The Buzz

Andrew Jackson Lives! America's Foreign-Policy Populism

In his well-known book Special Providence, Walter Russell Mead laid out a typology that divided American foreign-policy thinking into four broad schools: the big-government, pro-business Hamiltonians; the Wilsonians, determined to spread U.S. values around the world; the Jeffersonians, concerned primarily with preserving America’s identity at home; and a group that he dubbed the Jacksonians. While the first three are readily identifiable—and well represented within the Washington elite (especially the the first two)—the Jacksonian school is at once the most difficult to describe and the most interesting. Mead calls it a “large populist school” that “believes that the most important goal of the U.S. government in foreign and domestic policy should be the physical security and the economic well-being of the American people.” Its adherents believe that America should not seek out foreign wars. But should it become involved in them, then “there is no substitute for victory,” in the words of Douglas MacArthur.

If you want to get a sense of how Jacksonian America sees international affairs, as good a place as any to start is the Pew Research Center’s latest version of its “America’s Place in the World” survey, released earlier this week. The quadrennial study polls both the general public and members of the Council on Foreign Relations (CFR). The full results of the 2013 survey show a strong current of Jacksonian thinking in the public across a wide range of foreign-policy issues.

The main headline that some observers have grabbed on to in the Pew poll is that the number of people who say both that the United States “does too much” in helping to solve world problems and that it plays “a less important role” as a world leader are at record highs. But it’s not quite that simple. The “less important role” that the U.S. public envisions its government playing abroad still involves doing quite a lot of things. 56 percent think “U.S. policies [should] try to keep it so America is the only military superpower,” and on average Americans want to preserve current levels of defense spending. Large majorities said that “taking measures to protect the U.S. from terrorist attacks” (83 percent) and “preventing the spread of weapons of mass destruction” (73 percent) should be “top priorities” among U.S. long-range goals.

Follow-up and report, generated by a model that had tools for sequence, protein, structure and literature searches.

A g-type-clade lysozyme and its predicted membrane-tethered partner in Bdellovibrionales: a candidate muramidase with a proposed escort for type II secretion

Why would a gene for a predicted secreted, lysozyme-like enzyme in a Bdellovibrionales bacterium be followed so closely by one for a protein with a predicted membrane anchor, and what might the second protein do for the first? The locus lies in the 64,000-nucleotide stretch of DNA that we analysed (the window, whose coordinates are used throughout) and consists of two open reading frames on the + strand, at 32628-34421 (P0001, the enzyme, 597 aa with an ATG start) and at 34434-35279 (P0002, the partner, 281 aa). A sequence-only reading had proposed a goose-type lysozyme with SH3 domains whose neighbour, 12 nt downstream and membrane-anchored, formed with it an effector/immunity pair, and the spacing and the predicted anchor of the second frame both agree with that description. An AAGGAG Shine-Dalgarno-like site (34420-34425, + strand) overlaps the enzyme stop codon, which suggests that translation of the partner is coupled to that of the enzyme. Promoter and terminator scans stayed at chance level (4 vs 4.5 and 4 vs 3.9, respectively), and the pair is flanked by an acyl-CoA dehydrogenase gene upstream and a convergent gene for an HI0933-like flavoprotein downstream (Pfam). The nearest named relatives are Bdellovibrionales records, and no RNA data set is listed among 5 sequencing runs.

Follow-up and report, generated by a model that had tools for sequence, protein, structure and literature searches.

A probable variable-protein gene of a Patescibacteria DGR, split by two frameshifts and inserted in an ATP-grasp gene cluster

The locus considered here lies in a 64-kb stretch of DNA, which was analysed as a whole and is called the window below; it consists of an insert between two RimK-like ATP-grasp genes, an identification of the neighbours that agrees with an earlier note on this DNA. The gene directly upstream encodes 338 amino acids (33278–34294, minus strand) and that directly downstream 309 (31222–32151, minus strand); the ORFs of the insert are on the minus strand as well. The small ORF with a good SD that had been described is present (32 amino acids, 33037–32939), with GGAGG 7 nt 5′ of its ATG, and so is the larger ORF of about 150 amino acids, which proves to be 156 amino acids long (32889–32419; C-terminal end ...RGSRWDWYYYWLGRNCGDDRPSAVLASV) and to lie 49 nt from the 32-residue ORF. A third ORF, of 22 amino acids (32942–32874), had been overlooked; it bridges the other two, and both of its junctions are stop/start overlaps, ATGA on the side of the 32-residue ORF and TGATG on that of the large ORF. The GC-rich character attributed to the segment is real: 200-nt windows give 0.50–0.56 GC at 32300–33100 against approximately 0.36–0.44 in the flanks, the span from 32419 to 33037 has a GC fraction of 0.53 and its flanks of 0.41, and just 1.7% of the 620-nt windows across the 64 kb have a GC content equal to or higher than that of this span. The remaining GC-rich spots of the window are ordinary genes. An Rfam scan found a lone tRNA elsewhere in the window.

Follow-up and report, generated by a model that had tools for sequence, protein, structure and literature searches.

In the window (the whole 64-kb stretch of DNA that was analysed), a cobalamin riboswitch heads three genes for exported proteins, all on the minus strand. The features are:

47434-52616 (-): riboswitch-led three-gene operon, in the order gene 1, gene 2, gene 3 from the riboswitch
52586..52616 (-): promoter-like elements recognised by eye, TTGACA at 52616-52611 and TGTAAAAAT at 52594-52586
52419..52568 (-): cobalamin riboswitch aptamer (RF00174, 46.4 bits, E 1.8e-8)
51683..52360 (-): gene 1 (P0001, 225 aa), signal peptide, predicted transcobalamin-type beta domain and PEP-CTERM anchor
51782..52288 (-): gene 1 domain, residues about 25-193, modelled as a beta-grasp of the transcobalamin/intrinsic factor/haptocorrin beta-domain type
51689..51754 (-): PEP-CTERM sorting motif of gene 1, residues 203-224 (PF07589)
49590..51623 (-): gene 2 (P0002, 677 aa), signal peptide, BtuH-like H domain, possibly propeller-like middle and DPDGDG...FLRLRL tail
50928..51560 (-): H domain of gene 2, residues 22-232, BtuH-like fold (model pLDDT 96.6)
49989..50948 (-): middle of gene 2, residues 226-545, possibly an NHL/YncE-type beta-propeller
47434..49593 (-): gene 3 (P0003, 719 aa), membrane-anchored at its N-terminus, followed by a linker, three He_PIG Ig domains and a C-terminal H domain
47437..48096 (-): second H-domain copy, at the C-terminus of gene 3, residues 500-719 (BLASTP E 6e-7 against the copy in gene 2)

This is a public, in short, that cares deeply about maintaining an overwhelmingly powerful military and taking decisive action against what it sees as core threats to American security—both central tenets of Jacksonian thinking. What the public doesn’t see as top priorities are things like “helping improve living standards in developing nations” (23 percent), “promoting democracy in other countries” (18 percent), and “promoting and defending human rights in other countries” (33 percent).

In the Pew survey, the public breaks most decisively with CFR members on issues like economics, trade and immigration. The public is far more likely (82 percent) than CFR members (29 percent) to consider “protecting the jobs of American workers” to be a top priority. The same is true when it comes to “reducing illegal immigration” (48 percent versus 11 percent, respectively). These are deep and enduring divides that are reflected in how consistent these numbers have been over the past twenty years. This, too, tracks with Mead’s description of the Jacksonian school. As he wrote in Special Providence:

Jacksonian opinion is instinctively protectionist, seeking trade privileges for American goods abroad and hoping to withhold those privileges from foreign exports. . . . They see the preservation of American jobs, even at the cost of some unspecified degree of “economic efficiency,” as the natural and obvious task of the federal government’s trade policy.

Likewise, Mead says that Jacksonians “are also skeptical, on both cultural and economic grounds, of the benefits of immigration,” seeing it as “endangering the cohesion of the folk community and introducing new, low-wage competition for jobs.”

This doesn’t mean that the public is wholeheartedly opposed to immigration or trade. Indeed, one section of the Pew study found a significant level of enthusiasm for increased economic engagement with the rest of the world. What it does mean is that their views on these issues are often based principally on their concern for American jobs. One measure of this is that while the public believes that “more foreign companies setting up operations in the U.S.” would help rather than hurt the U.S. economy (by a 62 to 32 percent margin), they decisively oppose “more U.S. companies setting up operations overseas,” with 73 percent saying they thought it would hurt the economy. This is in direct contrast to the CFR members, 73 percent of whom think that more U.S. companies setting up operations overseas would benefit the economy.

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